“And, you know, [in] this we need to consider the fans as well. The fans are the lifeblood of football. I had the pleasure to assist in Belfast on Saturday the quarterfinal of the Irish F.A. Cup between Glentoran and Crusaders, and it was freezing cold. But there were a few thousand people watching this game and supporting their team. These are the true, core football fans and we have to work for them, of course, and offer them what they want to see, and if possible even a little bit more.”

This is even more crucial for track & field in the U.S. with the Olympic Trials and Tokyo Games in 2021 – it looks like they will happen – and then the World Championships in Eugene in 2022, followed by the 2023 Worlds, 2024 Olympic Games, 2025 Worlds and the Los Angeles Games in 2028.

Infantino is worried about players being stressed with too many matches. Centrowitz has correctly pointed to track & field’s problem of the sport’s stars competing too sparingly, almost invisible outside of their national championships and when their events are in the Wanda Diamond League circuit of 14 meets across 16 weeks (with a month’s gap in the middle).

This issue is especially timely given the recent conclusion of the second season of the International Swimming League. Funded by Ukranian energy billionaire Konstantin Grigorishin, this concept places swimmers on 10 teams, with contracted pay, who compete in quadrangular meets.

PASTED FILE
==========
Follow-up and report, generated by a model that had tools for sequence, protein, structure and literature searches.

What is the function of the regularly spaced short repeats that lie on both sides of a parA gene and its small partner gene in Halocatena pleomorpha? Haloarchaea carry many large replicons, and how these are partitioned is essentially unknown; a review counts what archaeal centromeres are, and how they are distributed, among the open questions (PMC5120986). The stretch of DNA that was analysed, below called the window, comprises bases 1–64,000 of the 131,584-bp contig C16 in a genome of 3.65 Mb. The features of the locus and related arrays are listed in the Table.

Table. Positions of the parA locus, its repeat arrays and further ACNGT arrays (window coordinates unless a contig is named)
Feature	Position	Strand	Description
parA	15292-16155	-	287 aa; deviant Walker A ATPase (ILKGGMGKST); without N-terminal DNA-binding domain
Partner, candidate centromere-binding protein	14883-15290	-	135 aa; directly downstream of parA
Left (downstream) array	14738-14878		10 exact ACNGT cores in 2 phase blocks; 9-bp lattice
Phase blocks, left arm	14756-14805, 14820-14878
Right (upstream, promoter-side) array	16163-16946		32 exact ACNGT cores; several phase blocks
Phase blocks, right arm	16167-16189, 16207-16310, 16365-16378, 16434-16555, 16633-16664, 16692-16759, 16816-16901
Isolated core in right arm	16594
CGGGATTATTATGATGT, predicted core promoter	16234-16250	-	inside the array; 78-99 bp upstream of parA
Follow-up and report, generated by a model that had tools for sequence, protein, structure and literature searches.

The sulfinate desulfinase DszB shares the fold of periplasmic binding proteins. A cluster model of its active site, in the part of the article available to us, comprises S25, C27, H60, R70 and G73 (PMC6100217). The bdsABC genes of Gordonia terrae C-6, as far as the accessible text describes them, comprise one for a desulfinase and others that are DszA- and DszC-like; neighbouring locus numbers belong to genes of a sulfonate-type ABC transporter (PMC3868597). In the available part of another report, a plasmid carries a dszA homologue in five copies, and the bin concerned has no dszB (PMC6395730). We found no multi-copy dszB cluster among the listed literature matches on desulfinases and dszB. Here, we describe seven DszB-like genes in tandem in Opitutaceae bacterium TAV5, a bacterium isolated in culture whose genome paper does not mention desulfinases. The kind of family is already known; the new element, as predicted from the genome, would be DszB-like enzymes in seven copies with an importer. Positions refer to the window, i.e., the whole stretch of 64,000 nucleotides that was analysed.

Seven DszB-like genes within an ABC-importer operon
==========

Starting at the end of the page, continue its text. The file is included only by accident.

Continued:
In this Covid-19-challenged year, the ISL shoehorned a 10-meet schedule plus two rounds of playoffs into just 37 days (!) in a sequestered program in Budapest (HUN). That meant star swimmers who usually race once or twice a month at most during the spring and summer now were racing multiple events – as in college dual meets – in two-day meets as often as twice a week!

And they loved it.

Whether ISL can survive will depend on whether it can attract sponsors, television support and spectators, all impossible to do in 2020. But it’s out there and with high, if overwrought, television production values. And it has raised the profile and set the table for emerging U.S. Olympic superstars like sprinter Caeleb Dressel and breaststroker Lilly King.

Centrowitz has identified one of the keys to future success for track & field, especially in the United States, in the availability (and promotion) of its stars … not just the availability of meets. Whether gambling is the right way to achieve this needs more discussion, but as Infantino said, more discussion among the stakeholders – athletes, coaches, meet directors, broadcasters and sponsors – is exactly what is needed right now.

Rich Perelman